Limestone Pavement, Carnau Gwynion

Carnau Gwynion Limestone Pavement

Limestone pavement in the Brecon Beacons at Carnau Gwynion, near Ystradfellte. Available to buy at my Photobox Gallery.

Another image from the Beacons this week, and one linked to geography fieldwork (yet again!). I’ve blogged about limestone pavement before, with my previous example being something of a classic, representing subaerial weathering of a fairly tough limestone (i.e. a fairly gradual process with the rock exposed to wind, sun and rain). Here in the Beacons we’re looking at what’s called fretted pavement, which means that most of the solution and breakdown of the bedrock probably went on under a layer of soil. Water, enriched with carbonic acid produced by the roots of plants, attacked the limestone more thoroughly, insidiously working its way into any pockets of weakness within the former seabed. When that layer of soil was stripped away by the passage of the welsh ice sheet, the limestone was then exposed to the damp, cold conditions that followed (it’s 350m above sea level here) and other forms of weathering could play their part, leaving a crumbling, irregular pavement, nothing like the geometric patterns of the Burren. Then humankind came along, and the site became a place of settlement -the green area in the middle is actually the remnant of a ring fort. Mankind stripped further fragments of rock away, clearing the land for building on, and later for turning in to lime for agriculture and construction (there are lime kilns at the base of a nearby escarpment). It’s another great layered landscape; today the prime uses of the landscape here are agriculture and tourism (this is something of a hidden gem -Carnau Gwynion is very close to the well known waterfalls country, which draws thousands of visitors each year).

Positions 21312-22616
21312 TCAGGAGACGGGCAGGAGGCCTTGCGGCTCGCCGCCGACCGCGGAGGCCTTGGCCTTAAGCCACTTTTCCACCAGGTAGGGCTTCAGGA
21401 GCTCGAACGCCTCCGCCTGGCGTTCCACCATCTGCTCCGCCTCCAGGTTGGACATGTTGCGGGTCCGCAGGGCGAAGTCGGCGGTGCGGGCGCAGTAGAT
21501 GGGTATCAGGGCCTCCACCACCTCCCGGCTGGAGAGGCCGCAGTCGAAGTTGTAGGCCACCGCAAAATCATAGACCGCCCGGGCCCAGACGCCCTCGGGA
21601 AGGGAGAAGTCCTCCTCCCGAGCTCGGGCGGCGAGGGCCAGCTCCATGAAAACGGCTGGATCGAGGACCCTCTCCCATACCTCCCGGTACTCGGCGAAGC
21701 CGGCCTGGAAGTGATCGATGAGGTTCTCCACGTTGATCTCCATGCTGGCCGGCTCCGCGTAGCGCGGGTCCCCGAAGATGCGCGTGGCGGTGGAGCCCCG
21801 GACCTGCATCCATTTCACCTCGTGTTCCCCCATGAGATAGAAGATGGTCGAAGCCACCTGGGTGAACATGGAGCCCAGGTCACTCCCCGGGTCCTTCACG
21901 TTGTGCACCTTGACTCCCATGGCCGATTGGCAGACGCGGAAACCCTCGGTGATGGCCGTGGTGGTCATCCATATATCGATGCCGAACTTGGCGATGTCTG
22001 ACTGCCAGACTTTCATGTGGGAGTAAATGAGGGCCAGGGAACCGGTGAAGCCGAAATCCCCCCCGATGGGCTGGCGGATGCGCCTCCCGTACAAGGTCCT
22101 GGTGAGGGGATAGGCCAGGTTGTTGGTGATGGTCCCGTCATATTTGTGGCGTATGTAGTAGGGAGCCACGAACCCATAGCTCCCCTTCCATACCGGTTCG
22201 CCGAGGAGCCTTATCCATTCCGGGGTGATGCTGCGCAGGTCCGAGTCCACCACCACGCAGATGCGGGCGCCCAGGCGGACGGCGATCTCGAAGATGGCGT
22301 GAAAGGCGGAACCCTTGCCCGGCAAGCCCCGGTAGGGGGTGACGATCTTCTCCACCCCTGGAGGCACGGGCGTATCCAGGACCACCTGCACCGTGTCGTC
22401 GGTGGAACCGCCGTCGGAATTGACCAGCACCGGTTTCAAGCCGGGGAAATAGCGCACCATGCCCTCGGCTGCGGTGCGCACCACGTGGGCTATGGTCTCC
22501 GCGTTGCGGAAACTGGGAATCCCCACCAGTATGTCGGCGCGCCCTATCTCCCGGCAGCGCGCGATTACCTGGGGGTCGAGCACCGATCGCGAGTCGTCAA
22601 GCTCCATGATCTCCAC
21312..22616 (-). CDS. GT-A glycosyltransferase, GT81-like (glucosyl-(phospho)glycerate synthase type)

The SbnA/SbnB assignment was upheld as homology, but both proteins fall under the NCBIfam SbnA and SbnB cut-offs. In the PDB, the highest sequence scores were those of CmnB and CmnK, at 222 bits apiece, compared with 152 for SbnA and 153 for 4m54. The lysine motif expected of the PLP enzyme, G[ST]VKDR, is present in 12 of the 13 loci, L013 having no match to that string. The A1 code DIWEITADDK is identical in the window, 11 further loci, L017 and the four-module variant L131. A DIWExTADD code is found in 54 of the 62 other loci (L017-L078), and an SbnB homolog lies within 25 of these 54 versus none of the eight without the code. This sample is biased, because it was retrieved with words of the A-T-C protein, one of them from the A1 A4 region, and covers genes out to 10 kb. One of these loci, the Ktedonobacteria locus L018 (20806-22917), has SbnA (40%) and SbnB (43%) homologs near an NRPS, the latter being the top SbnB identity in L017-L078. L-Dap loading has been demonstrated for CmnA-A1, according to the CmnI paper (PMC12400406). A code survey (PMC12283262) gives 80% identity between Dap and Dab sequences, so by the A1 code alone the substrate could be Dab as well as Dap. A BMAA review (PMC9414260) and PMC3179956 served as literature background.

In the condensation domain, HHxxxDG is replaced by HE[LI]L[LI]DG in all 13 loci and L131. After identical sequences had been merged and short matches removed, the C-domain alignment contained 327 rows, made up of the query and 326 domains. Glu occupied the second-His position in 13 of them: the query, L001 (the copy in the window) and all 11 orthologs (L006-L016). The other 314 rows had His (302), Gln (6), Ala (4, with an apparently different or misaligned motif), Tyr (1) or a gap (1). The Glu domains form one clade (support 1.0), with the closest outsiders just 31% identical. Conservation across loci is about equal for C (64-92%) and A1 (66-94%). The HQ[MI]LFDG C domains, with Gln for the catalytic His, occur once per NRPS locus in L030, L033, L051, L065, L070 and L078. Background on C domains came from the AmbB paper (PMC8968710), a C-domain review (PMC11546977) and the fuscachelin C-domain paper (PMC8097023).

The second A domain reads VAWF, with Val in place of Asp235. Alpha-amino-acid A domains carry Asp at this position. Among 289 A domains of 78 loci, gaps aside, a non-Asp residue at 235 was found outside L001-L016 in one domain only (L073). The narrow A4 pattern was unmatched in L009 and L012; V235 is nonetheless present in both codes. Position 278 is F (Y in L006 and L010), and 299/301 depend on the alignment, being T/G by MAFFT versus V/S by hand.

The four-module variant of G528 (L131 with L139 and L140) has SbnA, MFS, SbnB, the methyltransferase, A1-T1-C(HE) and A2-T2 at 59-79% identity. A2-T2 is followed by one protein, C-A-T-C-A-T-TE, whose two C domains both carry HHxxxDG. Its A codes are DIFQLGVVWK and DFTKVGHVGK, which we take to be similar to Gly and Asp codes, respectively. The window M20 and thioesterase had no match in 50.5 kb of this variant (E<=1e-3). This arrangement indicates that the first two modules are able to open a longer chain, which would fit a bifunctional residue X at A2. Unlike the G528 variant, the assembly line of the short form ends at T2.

The reason it’s good for fieldwork is the wide range of landforms in a relatively small area -you can study the pavement itself, but there are also shakeholes nearby and in places it’s clear there has been a massive collapse underground to form a doline or polje. Alongside that, there are sandstone erratics on pedestals that can be used to measure erosion since the end of the ice age, and areas where heather (a calcifuge, or lime-hating plant) grows, indicating extremely rapid drainage and little mineral content in the soil. So, plenty to discuss, and combines nicely with a walk in the Mellte valley to look at a few of the waterfalls to discuss further the influence of geology on landscape, plus sustainable tourist management in a honeypot site… All good geography! Sad thing is, this doesn’t apply to so many of the current exam specifications any more, so it’s less common than it used to be.

Photobox

Click to order prints (opens a new window)

If you want to buy this one, be sure to use standard print dimensions. I’ve got a copy on my wall printed on A3 paper, which I think looks great!

All images © Stephen Tyrrell, Mountains, Wild Places & Water, 2013. All rights reserved.
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